Q: Our doors are old, inefficient and drafty. One is made of solid wood and one is metal. I can’t afford new doors. What inexpensive improvements can I make to increase their efficiency?
A: People often don’t realize how leaky an old door has become. Chairs and sofas are typically not close to a door, so drafts aren’t noticed. Check doors for leaks by moving a stick of lighted incense around the edge on a windy day. Observe the smoke trail for signs of leaky spots.
Leaky doors cost money in two ways. First, the cold air leaking in makes your furnace run longer to keep your house warm. Second, the draft, even if you don’t notice it, makes you feel chilly. When feeling chilly, people often set the furnace thermostat higher, wasting even more energy.
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Before beginning your door projects, consider installing insulated steel doors, particularly for your back door. They are efficient and easy to install, and prices on some returned items at home centers are deeply discounted.
Probe visually bad spots on the wood door with a screwdriver to check for rotten wood. If it is more than one-quarter inch deep, it will be difficult to repair with wood filler. Place a long straight edge on the door to check for warping. New weatherstripping won’t seal a badly warped wood door.
Most metal doors have steel skins, so rust is a common problem, but it can be repaired. Rainwater gets trapped at the bottom by the weatherstripping. Small rust holes can be filled with auto body compound. Poke a drain hole in the weatherstripping so no more water gets trapped.
If you have a problem finding leaky spots by watching the smoke from incense, have a helper shine a flashlight around the edge at night. Leaky spots also allow more road noise to come through. Listen for the loudest spots around the doors.
On the wood door, the weatherstripping might become compressed over time. Push the door tightly closed to see if this helps. Metal doors use magnetic weatherstripping, so this isn’t often a problem.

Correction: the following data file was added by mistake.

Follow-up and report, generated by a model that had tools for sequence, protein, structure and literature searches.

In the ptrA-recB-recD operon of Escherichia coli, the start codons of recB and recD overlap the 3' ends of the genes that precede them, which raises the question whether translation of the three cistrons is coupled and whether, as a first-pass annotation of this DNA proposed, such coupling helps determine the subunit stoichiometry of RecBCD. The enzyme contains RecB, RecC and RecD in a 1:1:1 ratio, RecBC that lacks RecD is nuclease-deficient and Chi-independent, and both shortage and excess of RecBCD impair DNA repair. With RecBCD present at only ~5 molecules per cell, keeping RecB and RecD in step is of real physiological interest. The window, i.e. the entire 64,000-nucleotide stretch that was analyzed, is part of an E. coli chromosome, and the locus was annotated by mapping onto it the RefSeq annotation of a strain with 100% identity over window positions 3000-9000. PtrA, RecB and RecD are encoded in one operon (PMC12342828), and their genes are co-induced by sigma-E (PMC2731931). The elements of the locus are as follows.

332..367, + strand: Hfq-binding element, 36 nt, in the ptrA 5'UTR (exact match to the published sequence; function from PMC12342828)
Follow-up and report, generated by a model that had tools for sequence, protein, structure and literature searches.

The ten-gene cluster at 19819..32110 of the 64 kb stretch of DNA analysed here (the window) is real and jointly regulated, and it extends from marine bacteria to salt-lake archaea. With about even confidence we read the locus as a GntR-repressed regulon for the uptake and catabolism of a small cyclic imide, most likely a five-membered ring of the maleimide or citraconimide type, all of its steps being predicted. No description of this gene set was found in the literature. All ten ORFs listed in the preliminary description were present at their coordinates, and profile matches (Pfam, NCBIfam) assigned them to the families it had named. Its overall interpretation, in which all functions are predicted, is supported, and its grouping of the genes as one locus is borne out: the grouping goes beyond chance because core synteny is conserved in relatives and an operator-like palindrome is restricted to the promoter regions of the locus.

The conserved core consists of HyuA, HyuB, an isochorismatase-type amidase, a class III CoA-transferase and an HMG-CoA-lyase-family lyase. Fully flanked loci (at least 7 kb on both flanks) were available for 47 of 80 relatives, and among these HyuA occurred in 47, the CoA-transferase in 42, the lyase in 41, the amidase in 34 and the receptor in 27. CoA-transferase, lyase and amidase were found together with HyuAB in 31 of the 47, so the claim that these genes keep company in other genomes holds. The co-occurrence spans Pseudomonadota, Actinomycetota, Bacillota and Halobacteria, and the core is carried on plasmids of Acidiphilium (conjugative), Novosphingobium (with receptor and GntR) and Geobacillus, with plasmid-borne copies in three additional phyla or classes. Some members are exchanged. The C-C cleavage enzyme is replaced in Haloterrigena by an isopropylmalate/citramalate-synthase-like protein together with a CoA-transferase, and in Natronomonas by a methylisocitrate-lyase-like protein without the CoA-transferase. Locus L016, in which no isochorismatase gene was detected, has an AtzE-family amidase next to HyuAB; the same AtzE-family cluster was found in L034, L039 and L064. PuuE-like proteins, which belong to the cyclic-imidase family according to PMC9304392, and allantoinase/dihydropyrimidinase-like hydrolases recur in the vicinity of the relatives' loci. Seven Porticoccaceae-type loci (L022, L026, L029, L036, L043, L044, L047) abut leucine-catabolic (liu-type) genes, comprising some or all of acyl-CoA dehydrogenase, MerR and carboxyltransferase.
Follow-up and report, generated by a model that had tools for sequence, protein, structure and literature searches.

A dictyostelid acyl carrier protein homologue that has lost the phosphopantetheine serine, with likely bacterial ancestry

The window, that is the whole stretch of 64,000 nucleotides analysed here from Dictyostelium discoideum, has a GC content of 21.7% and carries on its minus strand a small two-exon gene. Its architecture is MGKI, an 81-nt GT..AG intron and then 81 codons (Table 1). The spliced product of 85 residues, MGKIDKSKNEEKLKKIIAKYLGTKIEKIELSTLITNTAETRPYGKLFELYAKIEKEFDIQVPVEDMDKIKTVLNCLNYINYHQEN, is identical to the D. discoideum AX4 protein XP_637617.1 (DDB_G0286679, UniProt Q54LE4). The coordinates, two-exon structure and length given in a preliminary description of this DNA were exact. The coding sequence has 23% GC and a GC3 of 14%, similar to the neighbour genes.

To fix a wood door, reposition the latch plate. Remove some wood in the door frame and move the plate back. Drill out the old screw holes and fill them with a dowel rod. Drill new screw holes to secure the latch plate in its new position. Installing a stepped latch plate is another option.
If the hinges are worn, a door can hang crooked in the frame. This also allows the door to move slightly away from the frame, so weatherstripping is not adequately compressed. Install new high-quality hinges.
The threshold seal at the bottom of an old door is usually worn or torn. A torn one must be replaced. If it’s just worn, the threshold on the floor can be adjusted upward with its screws. For an entryway with carpet, an automatic lifting threshold seal is a good fix and is easy to install.
The following companies offer door improvement products: Duck Brand, 800-321-0253, Duckbrand.com; M-D Building Products, 800-654-8454, mdbuildingproducts.com; Pemko Manufacturing, 800-283-9988, Pemko.com; and Thermwell, 800-526-5265, Frostking.com.
Q: We have sheet tile flooring in our kitchen. The kids dragged a chair across it and gouged it badly. What is the best way to fix this spot so it’s not noticeable?
A: Take a sharp utility knife and cut out an area along the tile pattern lines so it will be less noticeable. Heat this damaged piece with a hair dryer and carefully pry it out. Scrape out the old adhesive.
Use the damaged piece as a template to cut a new replacement piece. Apply floor tile adhesive with a notched trowel for even coverage. Wait until the adhesive becomes tacky, then press the new piece in place.
Send inquiries to James Dulley, Lexington Herald-Leader, 6906 Royalgreen Drive, Cincinnati, Ohio 45244 or go to Dulley.com.